Conclusions Of the three modalities tested to reduce ICP, hyperventilation therapy was the most consistently effective, metabolic suppression therapy was variably effective, and induced hypertension was generally ineffective and in some instances significantly raised ICP. The results of this study suggest that hyperventilation may be used more aggressively to control ICP in head-injured patients, provided it is performed in conjunction with monitoring of SjvO2.

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Ivar Mendez, Alain Dagher, Murray Hong, Adam Hebb, Paula Gaudet, Adam Law, Swarna Weerasinghe, David King, Jacques Desrosiers, Sultan Darvesh, Tanya Acorn and Harold Robertson

✓ The authors have studied the ability of glial cell line—derived neurotrophic factor (GDNF) to promote survival of human fetal dopaminergic tissue after a storage period of 6 days and subsequent implantation into the human putamen. The results indicate that GDNF promotes survival of stored dopaminergic cells. Cells stored without GDNF had a 30.1% decrease in survival time compared with those exposed to GDNF. Two patients with Parkinson's disease received bilateral putaminal implants of fetal dopaminergic cells exposed to GDNF for 6 days and showed enhancement of graft survival as assessed by positron emission tomography scanning. A mean increase of 107% in putaminal fluorodopa uptake from baseline values was observed 12 months postgrafting.

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Matthias Oertel, W. John Boscardin, Walter D. Obrist, Thomas C. Glenn, David L. McArthur, Tooraj Gravori, Jae Hong Lee and Neil A. Martin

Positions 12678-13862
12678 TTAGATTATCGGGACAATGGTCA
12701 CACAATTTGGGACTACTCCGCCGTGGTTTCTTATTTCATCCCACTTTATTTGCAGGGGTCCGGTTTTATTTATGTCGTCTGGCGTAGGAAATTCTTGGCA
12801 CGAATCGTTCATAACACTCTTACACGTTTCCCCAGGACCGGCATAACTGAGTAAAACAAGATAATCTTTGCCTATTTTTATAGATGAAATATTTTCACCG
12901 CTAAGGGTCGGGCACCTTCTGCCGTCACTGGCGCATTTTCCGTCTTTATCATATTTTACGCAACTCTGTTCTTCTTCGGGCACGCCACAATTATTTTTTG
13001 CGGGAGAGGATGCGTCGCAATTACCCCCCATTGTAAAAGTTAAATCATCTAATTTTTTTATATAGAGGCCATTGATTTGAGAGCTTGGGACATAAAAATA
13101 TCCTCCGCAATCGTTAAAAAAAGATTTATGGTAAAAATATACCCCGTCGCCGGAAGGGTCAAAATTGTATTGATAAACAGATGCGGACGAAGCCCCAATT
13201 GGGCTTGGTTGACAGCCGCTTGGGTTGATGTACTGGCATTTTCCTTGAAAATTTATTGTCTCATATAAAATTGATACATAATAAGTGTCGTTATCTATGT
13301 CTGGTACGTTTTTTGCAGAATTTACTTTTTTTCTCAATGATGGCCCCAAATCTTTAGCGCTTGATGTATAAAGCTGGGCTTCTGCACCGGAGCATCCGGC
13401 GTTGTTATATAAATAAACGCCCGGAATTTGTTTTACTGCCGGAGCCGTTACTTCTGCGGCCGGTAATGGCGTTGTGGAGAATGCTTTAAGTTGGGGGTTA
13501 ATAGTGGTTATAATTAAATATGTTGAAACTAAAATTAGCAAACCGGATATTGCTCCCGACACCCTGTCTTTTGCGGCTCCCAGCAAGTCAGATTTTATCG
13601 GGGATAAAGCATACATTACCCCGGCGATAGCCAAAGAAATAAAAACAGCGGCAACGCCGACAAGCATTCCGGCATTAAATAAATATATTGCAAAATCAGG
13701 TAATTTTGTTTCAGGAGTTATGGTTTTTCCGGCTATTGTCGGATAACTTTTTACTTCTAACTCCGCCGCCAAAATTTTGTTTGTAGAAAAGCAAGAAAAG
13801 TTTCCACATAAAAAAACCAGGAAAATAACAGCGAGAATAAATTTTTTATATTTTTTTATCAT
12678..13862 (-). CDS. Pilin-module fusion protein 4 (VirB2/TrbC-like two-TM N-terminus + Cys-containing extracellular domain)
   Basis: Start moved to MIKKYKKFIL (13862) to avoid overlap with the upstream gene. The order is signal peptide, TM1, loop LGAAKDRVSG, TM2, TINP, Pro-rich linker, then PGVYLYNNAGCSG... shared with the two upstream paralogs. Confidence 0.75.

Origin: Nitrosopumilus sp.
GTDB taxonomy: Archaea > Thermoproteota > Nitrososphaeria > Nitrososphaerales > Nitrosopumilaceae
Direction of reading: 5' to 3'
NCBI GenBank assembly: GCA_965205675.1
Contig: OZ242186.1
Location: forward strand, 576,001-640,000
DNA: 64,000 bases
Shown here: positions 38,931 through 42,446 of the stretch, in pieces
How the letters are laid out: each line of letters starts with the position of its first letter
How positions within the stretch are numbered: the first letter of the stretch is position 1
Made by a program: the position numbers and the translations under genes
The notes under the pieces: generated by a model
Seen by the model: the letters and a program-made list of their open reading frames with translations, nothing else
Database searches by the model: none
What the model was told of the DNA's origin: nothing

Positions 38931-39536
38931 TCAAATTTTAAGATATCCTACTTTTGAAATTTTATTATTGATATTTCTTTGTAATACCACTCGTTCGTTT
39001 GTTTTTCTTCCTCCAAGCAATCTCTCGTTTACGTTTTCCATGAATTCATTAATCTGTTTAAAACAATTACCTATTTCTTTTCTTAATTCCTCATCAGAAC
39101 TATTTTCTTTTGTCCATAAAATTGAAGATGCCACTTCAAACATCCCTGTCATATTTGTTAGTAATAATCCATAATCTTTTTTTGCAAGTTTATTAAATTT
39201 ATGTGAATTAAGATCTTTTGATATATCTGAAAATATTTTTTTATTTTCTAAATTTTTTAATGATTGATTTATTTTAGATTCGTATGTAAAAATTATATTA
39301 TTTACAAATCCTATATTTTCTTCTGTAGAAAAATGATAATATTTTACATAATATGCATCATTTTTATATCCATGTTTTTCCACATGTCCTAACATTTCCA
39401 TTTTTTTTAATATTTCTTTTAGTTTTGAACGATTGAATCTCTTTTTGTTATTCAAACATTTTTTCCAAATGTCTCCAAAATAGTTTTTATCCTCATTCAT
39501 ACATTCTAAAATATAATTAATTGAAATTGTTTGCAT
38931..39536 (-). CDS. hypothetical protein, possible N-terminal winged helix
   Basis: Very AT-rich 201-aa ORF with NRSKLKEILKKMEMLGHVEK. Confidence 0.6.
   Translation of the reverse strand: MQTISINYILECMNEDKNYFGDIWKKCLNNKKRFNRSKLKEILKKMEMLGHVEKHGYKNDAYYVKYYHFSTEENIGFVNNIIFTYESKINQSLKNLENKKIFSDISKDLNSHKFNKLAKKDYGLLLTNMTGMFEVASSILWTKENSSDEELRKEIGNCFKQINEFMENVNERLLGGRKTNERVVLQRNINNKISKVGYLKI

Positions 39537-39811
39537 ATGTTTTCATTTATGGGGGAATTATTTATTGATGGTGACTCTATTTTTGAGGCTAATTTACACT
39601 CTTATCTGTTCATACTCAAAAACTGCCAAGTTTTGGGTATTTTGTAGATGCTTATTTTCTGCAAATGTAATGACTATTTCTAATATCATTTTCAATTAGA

Object. The purpose of this prospective study was to evaluate the cumulative incidence, duration, and time course of cerebral vasospasm after traumatic brain injury (TBI) in a cohort of 299 patients.

Methods. Transcranial Doppler (TCD) ultrasonography studies of blood flow velocity in the middle cerebral and basilar arteries (VMCA and VBA, respectively) were performed at regular intervals during the first 2 weeks posttrauma in association with 133Xe cerebral blood flow (CBF) measurements. According to current definitions of vasospasm, five different criteria were used to classify the patients: A (VMCA > 120 cm/second); B (VMCA > 120 cm/second and a Lindegaard ratio [LR] > 3); C (spasm index [SI] in the anterior circulation > 3.4); D (VBA > 90 cm/second); and E (SI in the posterior circulation > 2.5). Criteria C and E were considered to represent hemodynamically significant vasospasm. Mixed-effects spline models were used to analyze the data of multiple measurements with an inconsistent sampling rate.

Overall 45.2% of the patients demonstrated at least one criterion for vasospasm. The patients in whom vasospasm developed were significantly younger and had lower Glasgow Coma Scale scores on admission. The normalized cumulative incidences were 36.9 and 36.2% for patients with Criteria A and B, respectively. Hemodynamically significant vasospasm in the anterior circulation (Criterion C) was found in 44.6% of the patients, whereas vasospasm in the BA—Criterion D or E—was found in only 19 and 22.5% of the patients, respectively. The most common day of onset for Criteria A, B, D, and E was postinjury Day 2. The highest risk of developing hemodynamically significant vasospasm in the anterior circulation was found on Day 3. The daily prevalence of vasospasm in patients in the intensive care unit was 30% from postinjury Day 2 to Day 13. Vasospasm resolved after a duration of 5 days in 50% of the patients with Criterion A or B and after a period of 3.5 days in 50% of those patients with Criterion D or E. Hemodynamically significant vasospasm in the anterior circulation resolved after 2.5 days in 50% of the patients. The time course of that vasospasm was primarily determined by a decrease in CBF.

Conclusions. The incidence of vasospasm after TBI is similar to that following aneurysmal subarachnoid hemorrhage. Because vasospasm is a significant event in a high proportion of patients after severe head injury, close TCD and CBF monitoring is recommended for the treatment of such patients.